Usually a school system requires a masters degree in educational leadership or a masters in education administration.

I also know someone who is getting their PhD for their education administration degree, yet they have never taught or worked long term in a school.

I don't know if this will make them a great principal because they will be as accustomed to the status quo or if not having worked in the job in which the people you will be leading will be working will make him awful at the beginning of his tenure in educational administration.

Post 3

@MissDaphne -- I agree with you, the educational administration both the principal and assistant principal really set the tone for the school.

Even as a speech therapist (we usually do not have as much interaction with the principle because we do not have as much to do with the curriculum as teachers do), I was consistently told that a principle really makes or breaks a school.

Another thing I believe a principle spends a lot of time doing is putting out fires with parents and with staff.

One of my friends that I work with in the school system has the same last name as one of the principles and she sometimes randomly gets emails from parents, thinking she is the principle and they are always about something that the administration needs to fix, and sometimes they are quite confrontational.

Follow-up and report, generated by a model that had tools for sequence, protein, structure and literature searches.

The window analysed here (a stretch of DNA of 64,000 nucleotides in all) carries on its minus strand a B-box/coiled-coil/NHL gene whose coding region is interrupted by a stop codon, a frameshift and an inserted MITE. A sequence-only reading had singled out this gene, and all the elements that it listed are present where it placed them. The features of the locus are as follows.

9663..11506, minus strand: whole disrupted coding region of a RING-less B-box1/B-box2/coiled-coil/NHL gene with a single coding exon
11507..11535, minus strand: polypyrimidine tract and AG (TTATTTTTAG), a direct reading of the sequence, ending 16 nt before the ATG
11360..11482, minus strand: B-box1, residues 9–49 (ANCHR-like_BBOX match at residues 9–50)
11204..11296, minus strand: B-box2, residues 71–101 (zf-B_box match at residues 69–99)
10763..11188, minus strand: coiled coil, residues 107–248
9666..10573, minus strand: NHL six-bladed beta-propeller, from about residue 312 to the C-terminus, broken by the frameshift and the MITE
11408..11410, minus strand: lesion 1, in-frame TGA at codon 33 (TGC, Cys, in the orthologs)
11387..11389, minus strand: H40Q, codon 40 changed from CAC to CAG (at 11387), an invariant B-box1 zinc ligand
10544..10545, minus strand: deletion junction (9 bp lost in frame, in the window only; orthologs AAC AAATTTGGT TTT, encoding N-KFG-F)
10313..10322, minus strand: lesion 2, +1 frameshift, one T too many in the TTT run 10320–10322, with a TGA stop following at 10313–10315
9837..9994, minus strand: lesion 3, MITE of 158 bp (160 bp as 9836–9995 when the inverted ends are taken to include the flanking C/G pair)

I actually think being in a mediation position such as this would be fun, what degree do you need for education administration?

Post 2

The educational administration really sets the tone for the whole school. I taught at an independent school in the Deep South where a beloved headmaster retired. The upper school principal had the support of the teachers, but he was passed over for promotion (we think for "political" reasons).

New administration was brought in from elsewhere in the country. Within a few months, the whole tone of the place had changed. The new administrators did not endear themselves to the teachers, so every decision they made was highly criticized at the lunch table.

Meanwhile, the students started acting out in ways they never had before. You'd overhear cursing in the hallway, that kind of thing. The dean of students did his best, but without enough support from above, it wasn't enough. I don't know if that school will ever be the same again. I was sad to see what happened to it.

Post 1

Other positions in school administration can include "deans." I've heard of both private and public schools having positions like "dean of students," which is typically a disciplinary position, or "academic dean," which is fairly self-explanatory.

Especially in private schools, these may not be full-time administrative positions. The dean may still teach a few classes; it is an early step in educational leadership.

When a dean takes on some of these roles, the principal and vice principal would not become involved until a later stage in the resolution of a problem, if at all. For instance, the dean of students might arrange for a student to have lunch detention, but a vice principal might get involved if the student was to be suspended.